Why is religion losing influence in America?

Religion's influence is waning in American life in spite of a growing appetite for religion in politics, according to new figures.

Nearly three-quarters of the public now believes the influence of religion is in decline, an increase of 5 per cent in four years.

Pew Research found that most people who believe the influence of religion is fading also believe this to be a bad thing.

At the same time, nearly half of Americans believe religious leaders and their congregations should engage with social and political issues, an increase from 43 per cent.

Nearly one third of those polled believe churches should even go so far as to endorse candidates to run in political elections.

The survey by the Pew Forum on Religion and Public life covered the role of religion in politics. The Washington Post said it revealed a "growing appetite for belief in the ballot box, and politics in the pulpit."

This growth is mainly among Republicans, driven by concerns that the country is becoming less favourable to religion and even more hostile towards white evangelicals.

Two-thirds of white evangelical Protestants and 48 per cent of Catholics now believe churches should express their views on social and political issues, up 6 points since the 2010 midterm elections, from 43 per cent to 49 per cent.

Most Republicans say politicians aren't talking enough about faith, compared to less than a third of Democrats. Pew Research found that in September, the word "God" was spoken on the House and Senate floors 75 times, "Christian" 65 times and "Jesus" 10 times. Democrats and Republicans used these terms at similar rates.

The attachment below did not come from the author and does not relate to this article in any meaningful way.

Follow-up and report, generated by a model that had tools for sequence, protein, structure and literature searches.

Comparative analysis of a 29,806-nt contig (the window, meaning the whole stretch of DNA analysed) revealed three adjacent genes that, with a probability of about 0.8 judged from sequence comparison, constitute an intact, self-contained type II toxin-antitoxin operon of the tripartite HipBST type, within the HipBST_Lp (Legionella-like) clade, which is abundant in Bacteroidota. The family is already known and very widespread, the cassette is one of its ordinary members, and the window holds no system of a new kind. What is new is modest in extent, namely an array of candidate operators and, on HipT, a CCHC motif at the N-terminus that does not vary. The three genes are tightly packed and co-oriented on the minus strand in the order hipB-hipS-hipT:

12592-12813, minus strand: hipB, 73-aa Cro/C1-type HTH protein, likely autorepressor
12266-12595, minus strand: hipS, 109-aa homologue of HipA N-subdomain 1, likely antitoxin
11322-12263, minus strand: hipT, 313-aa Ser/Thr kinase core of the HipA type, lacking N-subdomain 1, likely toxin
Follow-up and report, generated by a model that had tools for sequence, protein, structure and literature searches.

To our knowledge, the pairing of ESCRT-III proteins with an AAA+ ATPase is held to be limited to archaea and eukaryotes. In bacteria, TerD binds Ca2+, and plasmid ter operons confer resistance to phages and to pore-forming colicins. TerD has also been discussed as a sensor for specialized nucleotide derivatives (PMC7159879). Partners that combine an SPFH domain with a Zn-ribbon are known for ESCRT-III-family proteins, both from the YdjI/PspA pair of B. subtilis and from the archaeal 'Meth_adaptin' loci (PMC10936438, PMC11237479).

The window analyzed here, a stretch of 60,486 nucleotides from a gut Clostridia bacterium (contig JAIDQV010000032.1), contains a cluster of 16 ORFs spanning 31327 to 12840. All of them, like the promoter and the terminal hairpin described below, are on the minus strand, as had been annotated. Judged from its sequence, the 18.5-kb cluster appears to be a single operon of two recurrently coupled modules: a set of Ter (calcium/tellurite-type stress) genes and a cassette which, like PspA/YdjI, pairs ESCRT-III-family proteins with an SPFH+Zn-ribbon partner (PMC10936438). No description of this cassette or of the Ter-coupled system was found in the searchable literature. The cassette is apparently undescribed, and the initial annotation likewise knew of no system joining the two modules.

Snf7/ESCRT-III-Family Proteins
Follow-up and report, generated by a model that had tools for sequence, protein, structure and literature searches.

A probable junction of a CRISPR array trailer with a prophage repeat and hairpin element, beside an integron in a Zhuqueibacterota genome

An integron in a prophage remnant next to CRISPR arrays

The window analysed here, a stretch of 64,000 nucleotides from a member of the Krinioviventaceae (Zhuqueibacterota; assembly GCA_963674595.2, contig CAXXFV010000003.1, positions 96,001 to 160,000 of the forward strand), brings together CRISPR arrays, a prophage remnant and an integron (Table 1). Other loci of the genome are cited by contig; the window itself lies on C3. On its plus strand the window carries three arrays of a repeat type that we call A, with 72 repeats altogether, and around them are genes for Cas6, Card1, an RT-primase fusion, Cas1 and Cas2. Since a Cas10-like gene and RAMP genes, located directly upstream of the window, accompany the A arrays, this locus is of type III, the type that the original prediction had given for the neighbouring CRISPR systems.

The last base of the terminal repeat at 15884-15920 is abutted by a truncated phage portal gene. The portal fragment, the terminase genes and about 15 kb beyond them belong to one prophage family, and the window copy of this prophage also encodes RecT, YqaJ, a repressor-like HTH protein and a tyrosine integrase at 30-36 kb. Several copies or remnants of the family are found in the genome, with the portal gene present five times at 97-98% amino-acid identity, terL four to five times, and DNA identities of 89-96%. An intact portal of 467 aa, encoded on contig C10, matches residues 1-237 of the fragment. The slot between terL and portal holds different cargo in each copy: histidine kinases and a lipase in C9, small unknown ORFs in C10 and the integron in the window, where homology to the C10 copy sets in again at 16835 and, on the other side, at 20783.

Seven in 10 Republicans say it is important for a political candidate to have strong religious beliefs. And in spite of large numbers and political clout, a majority of white evangelical Christians feels discriminated against, says Pew Research.

"White evangelicals are more likely to say that discrimination is a problem for them than it is for black [people] (36 per cent), Muslims (45 per cent) or atheists (19 per cent)," says journalist Christopher Ingraham in an analysis of the research for the Washington Post. Thirty-four per cent of evangelicals say that it is become more difficult to be religious in America, and a third see themselves as a "minority" because of their religious beliefs — more than any other group.

In fact, Protestants are actually the largest religious group in America, and white evangelicals are the largest Protestant sub-group.

There has also been a growth in the number of Americans who say homosexuality is a sin, mainly among Catholics and white evangelical Protestants, and support for gay marriage is down. Seven in 10 white evangelicals want the freedom to discriminate against gay weddings.